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Map-based analysis of the tenacious glume gene Tg-B1 of wild emmer and its role in wheat domestication
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The domestication of wheat was instrumental in spawning the civilization of humankind, and it occurred through genetic mutations that gave rise to types with non-fragile rachises, soft glumes, and free-threshing seed. The Tg-D1 gene on chromosome 2D of Aegilops tauschii, the D-genome progenitor of hexaploid wheat, conferred tenacious glumes that prevented the seed from being free-threshing in the Triticum turgidum × Ae. tauschii amphiploid that formed 8,000 years ago and gave rise to modern day bread wheat. Wild emmer (T. turgidum ssp. dicoccoides), the AB-genome progenitor of hexaploid wheat, also has tenacious glumes, and like Tg-D1, tenacious glume genes in wild emmer must have underwent genetic mutation to give rise to free-threshing wheat. Here, we evaluated disomic substitution lines involving chromosomes 2A and 2B of wild emmer accessions substituted for homologous chromosomes in tetraploid and hexaploid backgrounds. The results suggested that both chromosomes 2A and 2B of wild emmer possess genes that inhibit threshability. A population of recombinant inbred lines derived from the tetraploid durum wheat variety Langdon crossed with a Langdon – T. turgidum ssp. dicoccoides accession PI 481521 chromosome 2B disomic substitution line was used to develop a genetic linkage map of 2B, evaluate the genetics of threshability, and map the gene derived from PI 481521 that inhibited threshability. A 2BS linkage map comprised of 58 markers was developed and markers delineated the gene to a 2.3 cM interval. Comparative analysis with maps containing the Tg-D1 locus revealed that the gene inhibiting threshability in wild emmer was homoeologous to Tg-D1 and therefore designated Tg-B1. Comparative analysis with rice and Brachypodium distachyon indicated a high level of divergence and poorly conserved colinearity, particularly near the Tg-B1 locus. These results provide a foundation for further studies involving Tg-B1, which, together with Tg-D1, had profound influences on wheat domestication.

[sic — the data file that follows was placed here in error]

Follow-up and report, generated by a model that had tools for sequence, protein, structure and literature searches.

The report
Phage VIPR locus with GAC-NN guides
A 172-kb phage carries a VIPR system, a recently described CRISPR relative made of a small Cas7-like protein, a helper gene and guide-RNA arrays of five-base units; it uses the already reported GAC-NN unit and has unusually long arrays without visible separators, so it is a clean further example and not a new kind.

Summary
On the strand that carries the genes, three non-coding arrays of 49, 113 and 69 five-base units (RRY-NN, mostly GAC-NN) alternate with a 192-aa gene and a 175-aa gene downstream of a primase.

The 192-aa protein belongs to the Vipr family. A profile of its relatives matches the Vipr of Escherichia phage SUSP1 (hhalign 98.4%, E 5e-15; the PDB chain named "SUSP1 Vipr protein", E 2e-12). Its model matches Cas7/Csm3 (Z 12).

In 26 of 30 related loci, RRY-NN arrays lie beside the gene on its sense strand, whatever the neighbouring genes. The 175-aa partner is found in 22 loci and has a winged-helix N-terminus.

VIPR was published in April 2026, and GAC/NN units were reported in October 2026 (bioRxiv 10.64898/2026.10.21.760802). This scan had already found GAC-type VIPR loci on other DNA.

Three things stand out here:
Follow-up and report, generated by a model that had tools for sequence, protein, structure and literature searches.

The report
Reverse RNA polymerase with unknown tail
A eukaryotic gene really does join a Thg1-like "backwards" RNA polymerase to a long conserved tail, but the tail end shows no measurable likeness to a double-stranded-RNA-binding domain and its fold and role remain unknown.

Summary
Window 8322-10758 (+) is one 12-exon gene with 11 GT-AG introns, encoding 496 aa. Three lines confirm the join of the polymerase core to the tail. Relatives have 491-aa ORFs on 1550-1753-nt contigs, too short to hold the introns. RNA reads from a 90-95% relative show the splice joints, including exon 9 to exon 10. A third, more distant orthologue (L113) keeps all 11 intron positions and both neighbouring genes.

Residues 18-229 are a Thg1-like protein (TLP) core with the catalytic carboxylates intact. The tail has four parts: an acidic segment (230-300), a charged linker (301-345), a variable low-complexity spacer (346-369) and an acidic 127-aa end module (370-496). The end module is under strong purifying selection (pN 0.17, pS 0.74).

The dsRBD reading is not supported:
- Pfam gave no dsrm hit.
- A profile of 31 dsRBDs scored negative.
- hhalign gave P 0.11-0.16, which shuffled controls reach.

Justin D. Faris
USDA Scientist Submission
Gene 2014 v.542
Journal Articles, USDA Authors, Peer-Reviewed
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